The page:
Please help me welcome Anne Barwell! She’s here to talk about her latest release, On Wings of Song, and some of the history behind it.
Thanks for visiting, Anne!
Thanks, Charley, for hosting me today 🙂
Although On Wings of Song begins with the 1914 Christmas Truce, most of the story takes place six years later in 1920. People were still coming to terms with their experiences during the war. Those who hadn’t fought had still lost someone they cared about, or had them return either maimed or a very different person than had left to fight at the Front. Toward the end of the war, in 1918, the influenza epidemic struck, killing more people than the war.
In Germany people were starving. Inflation coupled with the debt incurred by the Treaty of Versailles, was also taking its toll. In Britain the war had begun to break down some of the class barriers, at least for some, although for others it wasn’t about to change anytime soon, if ever. It was also time of growth and relative prosperity, as the economy broke down later there, in the late 1920s.
So how to get Jochen—a German—to Britain in 1920? One of my betas and I were discussing this over tea break at work one day, and a colleague suggested the solution. Enter his great-aunt Wilhelmina, the black sheep of the Weber family who had married a British man and settled there. She dies and leaves Jochen an inheritance.
But anti-German feeling is running high, and while Jochen’s English is excellent, his accent gives away his origins. Dealing with that on top of post war trauma is not easy—it’s not meant to be. Aiden’s injuries might be physical as well as psychological but that does not mean that Jochen has escaped the war unscathed.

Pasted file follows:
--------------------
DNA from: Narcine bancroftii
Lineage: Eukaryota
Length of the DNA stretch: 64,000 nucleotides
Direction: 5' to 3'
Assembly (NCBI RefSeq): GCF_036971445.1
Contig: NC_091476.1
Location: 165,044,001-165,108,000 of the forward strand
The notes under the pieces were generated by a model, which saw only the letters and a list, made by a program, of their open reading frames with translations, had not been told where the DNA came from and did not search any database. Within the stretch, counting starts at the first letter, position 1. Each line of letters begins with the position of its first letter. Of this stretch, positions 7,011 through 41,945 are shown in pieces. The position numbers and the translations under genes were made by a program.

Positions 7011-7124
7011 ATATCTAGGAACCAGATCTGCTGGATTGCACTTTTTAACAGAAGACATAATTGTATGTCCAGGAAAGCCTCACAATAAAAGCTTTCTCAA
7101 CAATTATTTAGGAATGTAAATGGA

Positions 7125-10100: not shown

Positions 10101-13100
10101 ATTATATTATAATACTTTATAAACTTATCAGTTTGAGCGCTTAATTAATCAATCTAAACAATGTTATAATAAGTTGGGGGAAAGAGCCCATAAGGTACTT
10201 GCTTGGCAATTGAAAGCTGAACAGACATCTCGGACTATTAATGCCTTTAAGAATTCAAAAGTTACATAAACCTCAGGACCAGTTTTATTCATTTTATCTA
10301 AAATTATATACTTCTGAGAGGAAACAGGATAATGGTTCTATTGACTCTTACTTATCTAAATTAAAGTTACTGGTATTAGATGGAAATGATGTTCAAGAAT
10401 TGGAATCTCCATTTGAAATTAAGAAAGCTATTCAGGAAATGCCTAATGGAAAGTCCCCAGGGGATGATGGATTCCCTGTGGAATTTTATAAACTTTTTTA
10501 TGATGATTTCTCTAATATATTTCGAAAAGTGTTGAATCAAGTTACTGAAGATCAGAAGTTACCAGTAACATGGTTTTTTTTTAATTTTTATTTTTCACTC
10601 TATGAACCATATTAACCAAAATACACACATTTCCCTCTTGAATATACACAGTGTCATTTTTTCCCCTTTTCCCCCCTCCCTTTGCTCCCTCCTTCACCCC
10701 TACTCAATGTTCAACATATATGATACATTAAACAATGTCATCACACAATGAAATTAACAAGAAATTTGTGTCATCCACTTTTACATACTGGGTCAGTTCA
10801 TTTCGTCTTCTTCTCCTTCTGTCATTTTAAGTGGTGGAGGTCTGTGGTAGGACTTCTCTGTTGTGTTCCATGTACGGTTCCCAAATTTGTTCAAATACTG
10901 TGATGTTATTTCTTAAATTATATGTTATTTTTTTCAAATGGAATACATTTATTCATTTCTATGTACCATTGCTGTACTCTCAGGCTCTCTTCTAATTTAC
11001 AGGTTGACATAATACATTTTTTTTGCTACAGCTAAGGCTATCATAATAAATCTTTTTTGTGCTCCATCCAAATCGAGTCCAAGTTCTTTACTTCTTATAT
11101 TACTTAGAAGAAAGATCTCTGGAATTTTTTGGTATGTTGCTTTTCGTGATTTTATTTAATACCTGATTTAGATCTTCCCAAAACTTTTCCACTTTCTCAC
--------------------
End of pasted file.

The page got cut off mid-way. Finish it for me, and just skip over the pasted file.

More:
One of the reasons I wrote On Wings of Song is that I wanted to show both sides of the war, rather than take sides one way or the other. No one truly wins a war and huge costs are paid by both sides. The 1914 truce reminded each side of a shared humanity. This story brings together two men who find they have a lot in common despite having fought a war on opposite sides.
On Wings of Song by Anne Barwell
Six years after meeting British soldier Aiden Foster during the Christmas Truce of 1914, Jochen Weber still finds himself thinking about Aiden, their shared conversation about literature, and Aiden’s beautiful singing voice. A visit to London gives Jochen the opportunity to search for Aiden, but he’s shocked at what he finds.
The uniform button Jochen gave him is the only thing Aiden has left of the past he’s lost. The war and its aftermath ripped everything away from him, including his family and his music. When Jochen reappears in his life, Aiden enjoys their growing friendship but knows he has nothing to offer. Not anymore.
“I’ve seen it,” Aiden said quietly. “I wish to God I hadn’t.” He looked directly at Jochen. Jochen met Aiden’s gaze. He’d seen an echo of Conrad’s fire in Aiden when he’d talked about his music earlier that afternoon.
“Don’t die on the wire, Aiden.”
“I’ll try not to.” Aiden’s words were an empty promise. They both knew it, but what else was he going to say?
The red-haired man Aiden had spoken to about arranging the burials walked over to him. He too held a shovel, and he wiped perspiration from his brow despite the cold. “There’s going to be a combined service for the dead,” he told them. “In about ten minutes in no man’s land in front of the French trenches.”